“Many times I have thought since all this occurred almost seventy years ago that if I had hollered or yelled for help when I ran into Conley with the girl in his arms that day I might have saved her life. I might have. On the other hand, I might have lost my own life. If I had told what I saw that day I might saved Leo Frank’s life. I didn’t realize it at the time. I was too young to understand.”
Family members continued to tell Mann not to tell anyone his story for years afterwards. An Atlanta newspaperman unnamed by Mann (but said by others to have been Ralph McGill, another crusading, Pulitzer Prize-winning liberal journalist) was disinterested in his story.
Mann also contradicted the testimony of the female factory employees who accused Frank of bringing women into the factory for immoral purposes. Mann never witnessed any such conduct.7 (Mann did not mention that he began working for Frank on April 1, 1913 so he had only been at the factory for twenty-six days at the time of murder.)
The Mann affidavit reopened the drive of the Jewish community for a “posthumous pardon” for Leo Frank. At a press conference at the Atlanta Jewish Community Center on April 1, 1982, the drumbeat began again. Jerry Thompson, at the press conference, was asked about the Phagan family’s reactions to all this information. “Jerry Thompson stated that some Phagan family members upheld their belief in the convicted Leo Frank’s guilt while others ‘were trying to be objective.’”8 “Sherry Frank (no relation to Leo Frank), area director of the American Jewish Committee, said Jewish leaders would like to make a possible exoneration of Frank an issue in the gubernatorial race this year.”9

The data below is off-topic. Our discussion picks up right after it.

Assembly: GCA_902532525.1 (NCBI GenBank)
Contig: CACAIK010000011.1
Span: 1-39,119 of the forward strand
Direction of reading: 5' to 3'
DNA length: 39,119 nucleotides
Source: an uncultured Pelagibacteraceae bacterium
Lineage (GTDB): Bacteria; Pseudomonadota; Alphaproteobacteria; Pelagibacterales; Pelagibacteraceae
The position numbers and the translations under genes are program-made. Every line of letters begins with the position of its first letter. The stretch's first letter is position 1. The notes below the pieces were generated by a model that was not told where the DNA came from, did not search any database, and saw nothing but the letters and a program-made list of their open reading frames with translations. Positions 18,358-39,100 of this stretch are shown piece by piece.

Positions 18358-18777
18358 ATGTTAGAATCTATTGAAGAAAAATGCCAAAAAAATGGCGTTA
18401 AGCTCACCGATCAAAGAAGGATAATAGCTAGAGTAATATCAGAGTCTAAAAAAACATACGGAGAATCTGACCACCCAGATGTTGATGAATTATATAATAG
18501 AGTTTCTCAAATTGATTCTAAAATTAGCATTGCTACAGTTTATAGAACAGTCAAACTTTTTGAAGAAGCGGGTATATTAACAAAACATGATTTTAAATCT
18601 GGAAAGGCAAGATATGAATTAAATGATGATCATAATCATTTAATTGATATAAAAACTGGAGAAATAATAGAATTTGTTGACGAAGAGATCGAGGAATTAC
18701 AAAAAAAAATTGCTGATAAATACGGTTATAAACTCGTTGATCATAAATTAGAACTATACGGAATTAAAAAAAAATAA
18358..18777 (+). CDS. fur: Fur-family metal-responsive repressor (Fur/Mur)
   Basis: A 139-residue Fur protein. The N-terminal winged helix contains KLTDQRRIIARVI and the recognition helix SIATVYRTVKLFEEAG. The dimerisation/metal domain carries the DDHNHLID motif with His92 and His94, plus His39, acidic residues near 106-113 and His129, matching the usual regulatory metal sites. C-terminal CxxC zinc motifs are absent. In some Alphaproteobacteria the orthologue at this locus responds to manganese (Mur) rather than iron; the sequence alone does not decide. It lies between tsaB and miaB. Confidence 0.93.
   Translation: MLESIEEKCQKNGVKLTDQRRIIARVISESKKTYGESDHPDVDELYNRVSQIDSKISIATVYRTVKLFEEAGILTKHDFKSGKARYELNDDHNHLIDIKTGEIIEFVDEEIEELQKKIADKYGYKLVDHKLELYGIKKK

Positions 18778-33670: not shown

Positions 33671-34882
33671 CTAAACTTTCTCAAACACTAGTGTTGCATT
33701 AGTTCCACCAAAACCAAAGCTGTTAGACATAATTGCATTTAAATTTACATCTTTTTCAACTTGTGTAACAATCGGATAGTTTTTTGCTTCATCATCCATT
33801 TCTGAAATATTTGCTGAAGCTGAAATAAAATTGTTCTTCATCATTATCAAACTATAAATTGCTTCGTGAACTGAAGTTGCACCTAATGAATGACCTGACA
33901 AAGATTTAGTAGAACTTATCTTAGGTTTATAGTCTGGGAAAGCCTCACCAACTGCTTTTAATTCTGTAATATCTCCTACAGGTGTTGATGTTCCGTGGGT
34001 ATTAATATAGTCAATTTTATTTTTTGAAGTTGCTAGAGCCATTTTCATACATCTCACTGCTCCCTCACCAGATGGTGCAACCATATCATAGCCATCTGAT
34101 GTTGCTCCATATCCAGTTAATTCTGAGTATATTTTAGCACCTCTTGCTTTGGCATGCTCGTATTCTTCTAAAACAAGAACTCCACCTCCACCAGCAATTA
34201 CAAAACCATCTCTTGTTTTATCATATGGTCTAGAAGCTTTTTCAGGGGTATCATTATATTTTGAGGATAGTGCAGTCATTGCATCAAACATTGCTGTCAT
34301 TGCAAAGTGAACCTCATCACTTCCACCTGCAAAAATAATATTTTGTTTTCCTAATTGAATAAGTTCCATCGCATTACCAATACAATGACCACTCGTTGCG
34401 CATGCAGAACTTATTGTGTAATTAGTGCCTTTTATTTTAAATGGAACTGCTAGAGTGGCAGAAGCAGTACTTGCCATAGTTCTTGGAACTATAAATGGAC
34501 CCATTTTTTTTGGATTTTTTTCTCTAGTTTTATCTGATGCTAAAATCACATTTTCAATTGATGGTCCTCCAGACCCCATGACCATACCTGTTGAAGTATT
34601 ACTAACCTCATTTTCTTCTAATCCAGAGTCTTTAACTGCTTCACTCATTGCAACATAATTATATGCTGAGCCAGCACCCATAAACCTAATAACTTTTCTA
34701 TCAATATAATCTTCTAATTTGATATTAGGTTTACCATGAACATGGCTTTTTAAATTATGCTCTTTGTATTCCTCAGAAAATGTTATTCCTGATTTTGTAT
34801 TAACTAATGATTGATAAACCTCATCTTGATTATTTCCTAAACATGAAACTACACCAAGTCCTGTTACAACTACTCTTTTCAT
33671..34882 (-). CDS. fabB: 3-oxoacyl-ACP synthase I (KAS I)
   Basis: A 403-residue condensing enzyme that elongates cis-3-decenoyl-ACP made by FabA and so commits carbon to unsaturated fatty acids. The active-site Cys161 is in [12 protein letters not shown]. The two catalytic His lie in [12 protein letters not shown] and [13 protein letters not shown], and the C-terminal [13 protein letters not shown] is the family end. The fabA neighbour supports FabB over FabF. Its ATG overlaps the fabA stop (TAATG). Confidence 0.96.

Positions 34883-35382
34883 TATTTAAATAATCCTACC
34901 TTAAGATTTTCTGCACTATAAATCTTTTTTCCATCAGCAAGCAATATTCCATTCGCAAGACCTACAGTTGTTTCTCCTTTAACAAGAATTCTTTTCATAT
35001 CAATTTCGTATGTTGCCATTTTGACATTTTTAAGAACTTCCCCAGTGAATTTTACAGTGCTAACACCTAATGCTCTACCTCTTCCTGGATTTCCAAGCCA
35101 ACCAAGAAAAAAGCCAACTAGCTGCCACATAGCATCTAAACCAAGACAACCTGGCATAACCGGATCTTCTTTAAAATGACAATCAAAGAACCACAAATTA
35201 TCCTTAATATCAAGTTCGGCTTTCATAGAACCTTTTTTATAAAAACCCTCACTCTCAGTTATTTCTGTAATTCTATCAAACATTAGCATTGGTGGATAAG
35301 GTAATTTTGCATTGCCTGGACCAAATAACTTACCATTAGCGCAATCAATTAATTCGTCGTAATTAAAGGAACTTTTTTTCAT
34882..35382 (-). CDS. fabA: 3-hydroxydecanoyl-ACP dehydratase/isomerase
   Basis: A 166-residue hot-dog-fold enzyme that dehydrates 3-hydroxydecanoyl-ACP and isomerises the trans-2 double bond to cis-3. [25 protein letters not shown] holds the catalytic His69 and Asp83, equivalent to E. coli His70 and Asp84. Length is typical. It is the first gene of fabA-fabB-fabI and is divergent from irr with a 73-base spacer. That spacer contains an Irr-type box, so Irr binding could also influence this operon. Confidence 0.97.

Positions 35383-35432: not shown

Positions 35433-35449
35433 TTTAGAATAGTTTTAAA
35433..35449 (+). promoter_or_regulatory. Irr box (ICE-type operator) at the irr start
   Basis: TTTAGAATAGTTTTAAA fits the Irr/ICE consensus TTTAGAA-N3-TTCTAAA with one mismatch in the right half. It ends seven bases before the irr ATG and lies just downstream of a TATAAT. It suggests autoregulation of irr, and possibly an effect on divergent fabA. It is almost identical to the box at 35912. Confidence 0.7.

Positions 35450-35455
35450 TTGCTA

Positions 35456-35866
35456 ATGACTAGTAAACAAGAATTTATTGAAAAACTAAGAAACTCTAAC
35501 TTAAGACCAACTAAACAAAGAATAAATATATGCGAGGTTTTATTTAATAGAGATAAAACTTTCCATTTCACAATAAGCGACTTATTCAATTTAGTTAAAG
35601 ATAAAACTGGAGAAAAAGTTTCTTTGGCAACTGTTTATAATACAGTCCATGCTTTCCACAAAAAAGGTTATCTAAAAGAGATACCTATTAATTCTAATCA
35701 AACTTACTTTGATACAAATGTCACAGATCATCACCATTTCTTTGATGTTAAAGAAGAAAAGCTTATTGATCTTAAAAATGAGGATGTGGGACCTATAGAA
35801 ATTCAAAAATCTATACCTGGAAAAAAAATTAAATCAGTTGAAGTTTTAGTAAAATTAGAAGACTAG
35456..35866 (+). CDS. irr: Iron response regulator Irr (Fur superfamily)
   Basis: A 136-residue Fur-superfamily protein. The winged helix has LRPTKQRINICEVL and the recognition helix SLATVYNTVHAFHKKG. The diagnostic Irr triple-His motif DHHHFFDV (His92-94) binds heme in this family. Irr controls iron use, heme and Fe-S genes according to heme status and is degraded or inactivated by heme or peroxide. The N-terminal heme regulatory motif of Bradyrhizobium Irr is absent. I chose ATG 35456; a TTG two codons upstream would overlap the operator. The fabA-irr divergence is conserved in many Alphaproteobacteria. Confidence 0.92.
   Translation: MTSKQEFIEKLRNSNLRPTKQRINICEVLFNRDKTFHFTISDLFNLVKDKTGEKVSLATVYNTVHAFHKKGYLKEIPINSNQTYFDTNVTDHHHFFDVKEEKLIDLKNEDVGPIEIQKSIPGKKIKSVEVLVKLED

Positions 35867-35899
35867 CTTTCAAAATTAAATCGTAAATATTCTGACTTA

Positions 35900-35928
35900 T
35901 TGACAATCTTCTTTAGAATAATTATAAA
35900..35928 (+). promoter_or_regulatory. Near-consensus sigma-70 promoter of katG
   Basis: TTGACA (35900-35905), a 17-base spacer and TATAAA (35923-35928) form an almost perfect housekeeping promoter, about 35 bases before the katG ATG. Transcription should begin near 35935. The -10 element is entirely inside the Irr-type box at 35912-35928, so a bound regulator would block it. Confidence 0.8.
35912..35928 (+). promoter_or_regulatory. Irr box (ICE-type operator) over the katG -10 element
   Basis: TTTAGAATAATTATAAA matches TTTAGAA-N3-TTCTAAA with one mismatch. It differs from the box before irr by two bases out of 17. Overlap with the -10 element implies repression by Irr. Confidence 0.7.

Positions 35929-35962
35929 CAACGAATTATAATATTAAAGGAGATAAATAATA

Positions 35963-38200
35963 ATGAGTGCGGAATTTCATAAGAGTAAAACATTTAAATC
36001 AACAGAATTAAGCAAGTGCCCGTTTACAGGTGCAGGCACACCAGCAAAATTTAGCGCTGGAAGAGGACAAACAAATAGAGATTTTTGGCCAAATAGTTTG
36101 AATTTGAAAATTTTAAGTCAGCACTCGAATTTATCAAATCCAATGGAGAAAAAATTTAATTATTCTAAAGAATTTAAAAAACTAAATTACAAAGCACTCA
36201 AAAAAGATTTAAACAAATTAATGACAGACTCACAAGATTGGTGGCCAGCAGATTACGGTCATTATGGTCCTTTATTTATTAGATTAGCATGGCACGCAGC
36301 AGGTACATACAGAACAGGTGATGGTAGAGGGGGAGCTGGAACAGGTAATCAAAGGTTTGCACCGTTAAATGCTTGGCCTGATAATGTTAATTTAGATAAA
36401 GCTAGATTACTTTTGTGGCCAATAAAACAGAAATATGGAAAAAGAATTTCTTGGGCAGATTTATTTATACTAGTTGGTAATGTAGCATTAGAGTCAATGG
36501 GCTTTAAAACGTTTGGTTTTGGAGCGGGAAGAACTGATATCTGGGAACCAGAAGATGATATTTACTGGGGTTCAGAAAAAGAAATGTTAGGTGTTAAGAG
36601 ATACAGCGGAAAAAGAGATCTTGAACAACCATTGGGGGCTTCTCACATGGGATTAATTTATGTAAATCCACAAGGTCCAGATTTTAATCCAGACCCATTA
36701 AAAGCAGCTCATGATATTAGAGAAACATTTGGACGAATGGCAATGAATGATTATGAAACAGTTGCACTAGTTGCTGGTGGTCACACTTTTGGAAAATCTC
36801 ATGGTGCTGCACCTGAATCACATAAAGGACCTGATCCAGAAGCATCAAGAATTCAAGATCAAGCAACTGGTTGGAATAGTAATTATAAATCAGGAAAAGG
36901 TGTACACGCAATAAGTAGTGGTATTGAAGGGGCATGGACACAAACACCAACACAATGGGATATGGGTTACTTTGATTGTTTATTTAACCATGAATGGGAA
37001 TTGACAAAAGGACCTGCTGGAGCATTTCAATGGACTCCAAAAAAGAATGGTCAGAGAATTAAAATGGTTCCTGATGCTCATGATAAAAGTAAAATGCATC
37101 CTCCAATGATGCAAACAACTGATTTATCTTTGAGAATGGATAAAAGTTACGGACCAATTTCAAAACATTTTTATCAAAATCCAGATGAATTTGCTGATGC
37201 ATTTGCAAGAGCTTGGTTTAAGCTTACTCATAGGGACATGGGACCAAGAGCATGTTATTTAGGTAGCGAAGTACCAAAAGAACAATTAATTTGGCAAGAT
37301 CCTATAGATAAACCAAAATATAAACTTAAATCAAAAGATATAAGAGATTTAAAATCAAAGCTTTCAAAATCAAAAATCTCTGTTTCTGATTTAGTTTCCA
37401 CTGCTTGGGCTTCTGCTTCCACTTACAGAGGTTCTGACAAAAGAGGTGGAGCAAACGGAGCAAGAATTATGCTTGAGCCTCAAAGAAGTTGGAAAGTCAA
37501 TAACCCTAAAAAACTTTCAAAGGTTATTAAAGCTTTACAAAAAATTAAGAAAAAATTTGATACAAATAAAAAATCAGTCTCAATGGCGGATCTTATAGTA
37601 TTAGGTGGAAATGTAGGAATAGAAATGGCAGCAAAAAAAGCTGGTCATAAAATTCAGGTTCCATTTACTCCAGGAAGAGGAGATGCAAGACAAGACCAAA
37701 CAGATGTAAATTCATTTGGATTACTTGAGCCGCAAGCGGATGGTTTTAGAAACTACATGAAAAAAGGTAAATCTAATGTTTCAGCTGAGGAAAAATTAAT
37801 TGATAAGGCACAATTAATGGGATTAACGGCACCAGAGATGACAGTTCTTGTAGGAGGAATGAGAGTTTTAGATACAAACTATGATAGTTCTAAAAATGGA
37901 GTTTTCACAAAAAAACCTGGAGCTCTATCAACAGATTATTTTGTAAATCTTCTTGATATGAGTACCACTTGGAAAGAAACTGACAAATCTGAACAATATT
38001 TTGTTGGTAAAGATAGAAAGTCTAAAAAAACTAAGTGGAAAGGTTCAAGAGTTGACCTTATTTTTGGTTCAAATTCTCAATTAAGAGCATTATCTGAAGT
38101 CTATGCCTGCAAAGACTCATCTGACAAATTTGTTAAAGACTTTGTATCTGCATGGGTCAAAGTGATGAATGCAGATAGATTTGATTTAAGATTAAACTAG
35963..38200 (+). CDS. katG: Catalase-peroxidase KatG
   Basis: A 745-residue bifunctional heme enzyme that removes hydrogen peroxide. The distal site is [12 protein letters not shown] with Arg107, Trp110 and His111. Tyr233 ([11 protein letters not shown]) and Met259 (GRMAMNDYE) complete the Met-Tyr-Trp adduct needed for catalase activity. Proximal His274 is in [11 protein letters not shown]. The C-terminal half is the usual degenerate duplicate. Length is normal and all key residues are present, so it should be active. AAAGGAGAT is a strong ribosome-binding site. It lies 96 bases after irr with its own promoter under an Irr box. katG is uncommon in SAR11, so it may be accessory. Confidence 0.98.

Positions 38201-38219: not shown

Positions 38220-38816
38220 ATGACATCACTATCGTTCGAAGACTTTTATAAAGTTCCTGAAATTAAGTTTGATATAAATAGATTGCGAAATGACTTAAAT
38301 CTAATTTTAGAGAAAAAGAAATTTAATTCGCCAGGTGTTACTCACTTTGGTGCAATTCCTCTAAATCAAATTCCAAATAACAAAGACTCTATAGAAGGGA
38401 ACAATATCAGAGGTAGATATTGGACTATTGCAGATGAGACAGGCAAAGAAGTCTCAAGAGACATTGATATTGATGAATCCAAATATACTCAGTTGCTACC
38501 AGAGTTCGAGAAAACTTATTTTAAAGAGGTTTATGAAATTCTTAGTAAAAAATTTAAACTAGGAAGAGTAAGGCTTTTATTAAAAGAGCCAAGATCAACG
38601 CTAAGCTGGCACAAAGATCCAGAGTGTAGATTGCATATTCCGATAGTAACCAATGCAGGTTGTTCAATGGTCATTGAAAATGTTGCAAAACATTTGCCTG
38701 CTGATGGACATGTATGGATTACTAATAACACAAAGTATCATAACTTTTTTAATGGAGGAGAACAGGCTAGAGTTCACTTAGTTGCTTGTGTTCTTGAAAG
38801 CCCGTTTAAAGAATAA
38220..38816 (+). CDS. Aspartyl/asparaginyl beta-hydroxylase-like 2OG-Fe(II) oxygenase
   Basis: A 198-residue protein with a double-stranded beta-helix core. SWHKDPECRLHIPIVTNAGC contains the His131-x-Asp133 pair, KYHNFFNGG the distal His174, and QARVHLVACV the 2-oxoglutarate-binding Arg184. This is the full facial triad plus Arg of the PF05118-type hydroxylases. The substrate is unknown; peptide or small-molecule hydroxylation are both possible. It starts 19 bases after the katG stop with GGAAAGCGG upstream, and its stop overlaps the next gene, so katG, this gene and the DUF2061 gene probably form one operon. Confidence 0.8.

Alonzo Mann, possibly because of his age and infirm heart, refused to respond to any questions except through his handlers at the Nashville Tennessean. This author contacted the Tennessean and was so informed at the time the news broke. Mary Phagan Kean was given the same answer, but because of her family connections she was finally able to meet Mr. Mann and form some impressions about him. She thought him “a fine gentleman; he believed what he had seen to be evidence of the truth.”10
Since Mann was never subjected to any cross-examination nor, evidently, even tough questioning about these matters, we are left with three possibilities concerning the worth of his testimony on an historical basis. It has long been held in Anglo-Saxon law that trial by affidavit is worthless and the cross-examination of a witness is essential to establish the truth or falsity of a proposition. So while Alonzo Mann’s affidavit is valueless from a legal standpoint, it does have historical significance and must be so analyzed as we find it.
Mann’s recollections could be (1) completely accurate and factual; or (2) weakened by seventy years of guilt and blurred memories, but basically accurate; or (3) a complete fabrication drawn up either by himself or with the assistance of other parties for a number of plausible reasons.11
Since Mann cannot be examined, having answered to the highest tribunal on March 19, 1985, let us look more closely at the statement itself.